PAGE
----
Community divided on hall
‘‘I think we are setting ourselves up to fail and fail badly.’’
The Central Otago District Council’s chief executive is seeking legal advice over a community board’s decision to overturn a resolution to refurbish Cromwell’s Memorial Hall.
Leanne Mash is preparing a report for the Cromwell Community Board investigating a possible conflict arising from the board’s actions at its meeting last Tuesday. The board passed a resolution in February to refurbish the hall. However, on Tuesday, a notice of motion was passed by four votes to three to halt work while the council commissioned a report to establish costs of three options for new builds for the hall.
‘‘Officers have begun to execute the February resolutions, so the question is a procedural/ operational one around can both sets of resolutions co-exist and be actioned, when on reading there may be an interpretation that says they conflict, Mash said.
‘‘There is an opinion that possibly the February resolution, or at least part of, should have been revoked prior to the April resolution taking effect.
‘‘As such I have sought legal advice on this matter, and it is that informed opinion that will be the basis of a report to the Cromwell Community Board.’’
Board chair Neil Gillespie said at the meeting the notice of motion was a ‘‘first’’ and he had a ‘‘major problem’’ with where the motion took the board.
‘‘I think we are setting ourselves up to fail and fail badly. We have no idea of cost, how long it is going to take. If you are missing those two things - essential to the decision making process - I don’t think it is good governance. I don’t think it is good governance to turn around and now reject the extensive community consultation that has been undertaken to get us the final proposal and design plan.’’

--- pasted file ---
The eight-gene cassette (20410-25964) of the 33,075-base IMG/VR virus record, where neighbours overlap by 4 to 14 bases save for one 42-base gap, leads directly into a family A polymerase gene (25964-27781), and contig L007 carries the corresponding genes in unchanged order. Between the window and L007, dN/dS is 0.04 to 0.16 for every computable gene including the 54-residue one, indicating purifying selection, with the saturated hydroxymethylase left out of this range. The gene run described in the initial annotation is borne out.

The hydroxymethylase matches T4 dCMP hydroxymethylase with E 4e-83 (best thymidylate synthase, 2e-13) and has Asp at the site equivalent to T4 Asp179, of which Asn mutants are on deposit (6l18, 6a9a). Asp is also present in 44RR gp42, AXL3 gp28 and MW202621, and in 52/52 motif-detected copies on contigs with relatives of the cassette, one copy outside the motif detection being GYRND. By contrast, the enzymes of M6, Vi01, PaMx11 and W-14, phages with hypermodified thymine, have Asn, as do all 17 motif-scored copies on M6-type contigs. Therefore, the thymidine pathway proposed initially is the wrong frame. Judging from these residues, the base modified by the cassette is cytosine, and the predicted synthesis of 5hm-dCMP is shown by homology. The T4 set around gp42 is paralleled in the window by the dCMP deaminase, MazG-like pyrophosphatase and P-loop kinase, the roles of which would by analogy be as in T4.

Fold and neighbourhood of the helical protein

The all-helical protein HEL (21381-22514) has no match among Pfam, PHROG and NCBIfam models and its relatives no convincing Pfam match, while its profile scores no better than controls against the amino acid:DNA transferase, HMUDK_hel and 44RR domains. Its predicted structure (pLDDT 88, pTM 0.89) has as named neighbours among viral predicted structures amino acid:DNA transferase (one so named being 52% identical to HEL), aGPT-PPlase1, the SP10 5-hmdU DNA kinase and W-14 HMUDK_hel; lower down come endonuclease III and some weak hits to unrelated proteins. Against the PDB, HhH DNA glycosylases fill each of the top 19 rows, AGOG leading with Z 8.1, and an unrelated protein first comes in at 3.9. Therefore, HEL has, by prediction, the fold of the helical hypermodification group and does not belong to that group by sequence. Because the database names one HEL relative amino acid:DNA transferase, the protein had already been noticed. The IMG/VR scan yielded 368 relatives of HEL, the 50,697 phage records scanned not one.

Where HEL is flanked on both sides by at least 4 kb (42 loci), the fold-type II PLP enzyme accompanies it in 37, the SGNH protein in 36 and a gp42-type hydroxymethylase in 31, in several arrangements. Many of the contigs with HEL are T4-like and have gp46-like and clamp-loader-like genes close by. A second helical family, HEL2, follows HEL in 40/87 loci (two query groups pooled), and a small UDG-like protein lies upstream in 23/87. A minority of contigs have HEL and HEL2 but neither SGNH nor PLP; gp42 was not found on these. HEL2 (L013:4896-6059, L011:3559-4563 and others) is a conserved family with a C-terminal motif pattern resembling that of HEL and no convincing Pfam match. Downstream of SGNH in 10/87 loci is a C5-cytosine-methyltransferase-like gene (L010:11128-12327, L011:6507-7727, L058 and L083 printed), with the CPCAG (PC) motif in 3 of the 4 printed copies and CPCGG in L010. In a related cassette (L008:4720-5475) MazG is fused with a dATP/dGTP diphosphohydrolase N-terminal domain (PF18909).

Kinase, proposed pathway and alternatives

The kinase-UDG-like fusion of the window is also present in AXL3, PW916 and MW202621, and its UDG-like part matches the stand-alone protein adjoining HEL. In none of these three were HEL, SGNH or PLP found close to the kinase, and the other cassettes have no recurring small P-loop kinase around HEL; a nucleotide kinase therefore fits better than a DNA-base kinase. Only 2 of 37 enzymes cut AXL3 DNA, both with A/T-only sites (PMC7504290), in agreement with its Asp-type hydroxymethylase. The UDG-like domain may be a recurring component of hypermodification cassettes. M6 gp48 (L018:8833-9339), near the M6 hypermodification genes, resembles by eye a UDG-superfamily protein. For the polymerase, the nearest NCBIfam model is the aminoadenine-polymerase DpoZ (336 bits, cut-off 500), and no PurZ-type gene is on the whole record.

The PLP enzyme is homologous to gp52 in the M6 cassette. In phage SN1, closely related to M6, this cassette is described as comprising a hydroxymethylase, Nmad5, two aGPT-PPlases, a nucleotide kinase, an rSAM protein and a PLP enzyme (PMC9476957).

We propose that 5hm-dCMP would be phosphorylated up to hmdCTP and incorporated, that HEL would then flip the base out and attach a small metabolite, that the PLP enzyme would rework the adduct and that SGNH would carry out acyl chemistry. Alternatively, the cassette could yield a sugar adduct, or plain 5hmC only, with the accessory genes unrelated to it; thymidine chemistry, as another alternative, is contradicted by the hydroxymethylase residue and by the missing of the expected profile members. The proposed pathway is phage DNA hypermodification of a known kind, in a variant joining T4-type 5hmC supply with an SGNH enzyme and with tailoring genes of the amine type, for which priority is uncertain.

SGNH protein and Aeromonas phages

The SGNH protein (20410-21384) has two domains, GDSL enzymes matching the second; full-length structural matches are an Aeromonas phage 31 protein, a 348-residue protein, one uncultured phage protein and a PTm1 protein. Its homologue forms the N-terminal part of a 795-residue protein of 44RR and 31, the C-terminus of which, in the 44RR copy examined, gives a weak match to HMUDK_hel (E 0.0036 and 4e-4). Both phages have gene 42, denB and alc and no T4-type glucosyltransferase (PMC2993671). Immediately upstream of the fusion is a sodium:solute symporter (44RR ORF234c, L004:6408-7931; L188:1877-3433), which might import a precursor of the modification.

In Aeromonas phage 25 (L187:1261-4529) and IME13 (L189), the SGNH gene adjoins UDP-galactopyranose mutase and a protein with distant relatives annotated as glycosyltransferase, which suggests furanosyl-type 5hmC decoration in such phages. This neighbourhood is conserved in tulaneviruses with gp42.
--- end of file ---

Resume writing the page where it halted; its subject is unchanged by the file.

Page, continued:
Board member Robin Dicey argued the motion was ‘‘exactly the right thing to do’’.
‘‘I do believe we owe it to them (ratepayers) to do the very best we can.’’
Dicey put the motion forward because he was concerned about the cost of the re furbishment. A new build was unlikely to incur cost over-runs. By refurbishing, opportunities for the site would be lost - including a lake view. A new build would be better suited to a growing town, he said.
Gillespie said nothing had come out since that had given him any ‘‘inkling’’ there was a need to make changes ‘‘whatsoever’’.
❚ Community reaction, page 3.